I used to make a body butter out of a mix of shea butter and coconut oil. The shea butter on it's own always seems a bit hard when temperatures are low, so I mixed some coconut oil with it using an old electric mixer to get a soft fluffy butter that was easier to apply.

TwinLolly Sat 12-Jun-21 08:04:27

Body Butter

½ cup cocoa butter
½ cup coconut oil
¼ cup shea butter
¼ cup sweet almond oil or olive oil or castor oil
Few drops essential oil (optional)

1. Soften the butters then whisk together with oils until blended well and fluffy.
2. Decant into a clean container.

TwinLolly Sat 12-Jun-21 08:14:17


109 g water
79 g caustic soda
600 g light olive oil
18 g / 10 drops of essential oil (optional)

1. Add caustic soda to the water to create a lye.
Caution: Never add water to caustic soda – always add caustic soda to water. Adding water to caustic soda = explosive reaction. Use a meat thermometer to test the temperature. Lye is ready to use when it reaches 37.8C.
2.While the lye is cooling, heat up olive oil in a saucepan over medium-high heat until oil reaches 37.8C / same temperature as the cooling lye. The oil & lye must be as close as possible to the same temperature to properly blend.
Caution: If oil & lye are not close to same temperature - soap doesn’t set correctly.
3.Pour lye into the oil mixture. Stir or use handheld blender or mixer to begin blending everything together, causing mixture to thicken.
Continue blending/stirring for up to 15 minutes.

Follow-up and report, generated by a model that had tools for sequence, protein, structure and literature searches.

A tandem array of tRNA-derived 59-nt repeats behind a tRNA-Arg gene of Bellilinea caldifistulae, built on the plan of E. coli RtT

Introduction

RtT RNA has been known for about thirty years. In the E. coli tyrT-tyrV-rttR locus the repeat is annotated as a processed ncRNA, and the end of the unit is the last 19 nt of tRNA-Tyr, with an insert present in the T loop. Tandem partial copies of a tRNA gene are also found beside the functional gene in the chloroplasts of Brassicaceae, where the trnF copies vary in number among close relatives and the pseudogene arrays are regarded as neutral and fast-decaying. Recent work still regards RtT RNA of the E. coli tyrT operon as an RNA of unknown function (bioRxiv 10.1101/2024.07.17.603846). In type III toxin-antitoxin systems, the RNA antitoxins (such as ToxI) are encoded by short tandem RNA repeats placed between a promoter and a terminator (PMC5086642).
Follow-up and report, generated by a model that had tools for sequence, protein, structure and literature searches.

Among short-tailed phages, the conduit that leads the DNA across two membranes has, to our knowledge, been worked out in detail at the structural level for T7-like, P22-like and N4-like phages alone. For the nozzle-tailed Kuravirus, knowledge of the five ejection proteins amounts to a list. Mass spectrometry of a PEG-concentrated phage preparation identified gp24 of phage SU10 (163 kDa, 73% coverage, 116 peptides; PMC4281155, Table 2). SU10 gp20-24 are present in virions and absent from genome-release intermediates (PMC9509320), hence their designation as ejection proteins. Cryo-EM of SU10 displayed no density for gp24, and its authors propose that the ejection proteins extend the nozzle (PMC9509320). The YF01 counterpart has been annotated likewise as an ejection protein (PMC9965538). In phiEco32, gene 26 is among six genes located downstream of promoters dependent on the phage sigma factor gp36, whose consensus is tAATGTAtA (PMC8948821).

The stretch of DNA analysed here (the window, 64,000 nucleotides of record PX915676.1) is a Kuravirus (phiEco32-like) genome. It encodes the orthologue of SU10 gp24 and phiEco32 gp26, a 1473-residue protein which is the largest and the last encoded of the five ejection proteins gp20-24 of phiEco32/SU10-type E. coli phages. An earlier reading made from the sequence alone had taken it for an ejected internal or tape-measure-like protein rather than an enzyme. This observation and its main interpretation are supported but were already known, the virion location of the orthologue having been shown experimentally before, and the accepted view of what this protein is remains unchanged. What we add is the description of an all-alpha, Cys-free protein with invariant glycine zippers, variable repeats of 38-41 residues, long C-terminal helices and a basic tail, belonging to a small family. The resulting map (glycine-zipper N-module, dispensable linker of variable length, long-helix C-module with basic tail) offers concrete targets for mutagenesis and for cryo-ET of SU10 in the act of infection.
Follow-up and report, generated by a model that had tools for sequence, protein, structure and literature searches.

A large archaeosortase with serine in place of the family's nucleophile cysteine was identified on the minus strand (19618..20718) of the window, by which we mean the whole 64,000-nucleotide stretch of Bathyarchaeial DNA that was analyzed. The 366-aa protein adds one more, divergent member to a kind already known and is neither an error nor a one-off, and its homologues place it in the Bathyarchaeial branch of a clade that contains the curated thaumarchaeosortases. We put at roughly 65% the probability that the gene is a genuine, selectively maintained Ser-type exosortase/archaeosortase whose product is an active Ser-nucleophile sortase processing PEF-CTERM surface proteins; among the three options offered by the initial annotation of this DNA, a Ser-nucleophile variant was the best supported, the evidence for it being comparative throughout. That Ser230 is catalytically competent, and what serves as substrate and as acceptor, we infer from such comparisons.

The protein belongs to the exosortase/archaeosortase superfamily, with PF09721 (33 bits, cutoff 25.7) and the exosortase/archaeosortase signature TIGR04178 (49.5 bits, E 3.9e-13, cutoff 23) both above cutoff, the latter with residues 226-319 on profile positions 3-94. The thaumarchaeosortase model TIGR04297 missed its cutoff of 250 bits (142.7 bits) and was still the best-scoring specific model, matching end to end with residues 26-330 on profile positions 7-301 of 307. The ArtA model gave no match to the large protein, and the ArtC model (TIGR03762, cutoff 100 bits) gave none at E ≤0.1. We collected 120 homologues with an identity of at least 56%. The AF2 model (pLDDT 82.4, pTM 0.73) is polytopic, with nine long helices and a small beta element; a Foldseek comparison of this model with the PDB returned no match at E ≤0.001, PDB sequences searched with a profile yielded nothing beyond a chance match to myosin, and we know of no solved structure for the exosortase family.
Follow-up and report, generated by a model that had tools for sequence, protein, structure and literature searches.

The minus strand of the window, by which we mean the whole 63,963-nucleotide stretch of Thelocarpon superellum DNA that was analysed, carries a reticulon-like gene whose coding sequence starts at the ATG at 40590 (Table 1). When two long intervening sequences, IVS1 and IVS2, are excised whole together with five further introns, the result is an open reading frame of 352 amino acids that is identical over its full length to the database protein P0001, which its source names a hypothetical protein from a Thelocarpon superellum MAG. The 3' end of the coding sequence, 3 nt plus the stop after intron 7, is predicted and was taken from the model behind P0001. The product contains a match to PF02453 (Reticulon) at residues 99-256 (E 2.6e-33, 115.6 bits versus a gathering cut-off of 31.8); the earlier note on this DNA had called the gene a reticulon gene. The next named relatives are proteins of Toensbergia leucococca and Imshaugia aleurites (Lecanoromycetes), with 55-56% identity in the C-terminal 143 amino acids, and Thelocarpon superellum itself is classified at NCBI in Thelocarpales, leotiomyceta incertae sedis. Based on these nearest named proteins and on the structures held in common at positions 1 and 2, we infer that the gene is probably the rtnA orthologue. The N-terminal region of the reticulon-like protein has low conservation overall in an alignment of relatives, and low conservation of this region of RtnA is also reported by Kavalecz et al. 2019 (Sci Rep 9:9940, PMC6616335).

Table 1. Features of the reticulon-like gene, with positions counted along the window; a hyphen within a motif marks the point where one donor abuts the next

When you can see the trail left by the blender, the mixture has reached “trace.” It should have the consistency of honey.
Optional: Add essential oil & stir with a spoon to incorporate.
4.Pour into silicone/teflon moulds. If using metal tins, grease lightly with olive oil.
5.Leave to rest for a few minutes for the soap to thicken. Cover & leave undisturbed for 48 hours.
6.Remove from moulds & place soap on a cake drying rack & leave for 6 weeks up to a few months. The longer you wait, soap will produce fluffier suds & have a better texture.
7.Wrap in wax paper to store.

As a word of caution - don't use your moulds for baking cakes afterwards! Keep them separate.

TwinLolly Sat 12-Jun-21 08:18:19


8 oz (227 g) water
4.2 oz (119 g) caustic soda
10.5 oz (298 g) coconut oil
10.5 oz (298 g) olive oil
9 oz (255 g) shea butter
6 oz scent (optional)

1. Add caustic soda to the cold water to create a lye.
Use a meat thermometer to test the temperature. Lye is ready to use when it reaches 40C - 45C.
2. While the lye is cooling, heat up oils until they reach 40C – 45C / same temperature as the cooling lye.
3. Pour lye into the oil mixture and stir until thick, like mayonnaise. In need, use handheld blender or mixer to blend everything together, causing mixture to thicken to a trace.
4. Pour into silicone/teflon moulds. If using metal tins, grease lightly with olive oil.
5. Cover & leave undisturbed for 24 hours.
6. Remove from moulds & leave in a safe place to air dry for 4 to 6 weeks, under a cloth. The longer you leave the soap, the better the suds should be.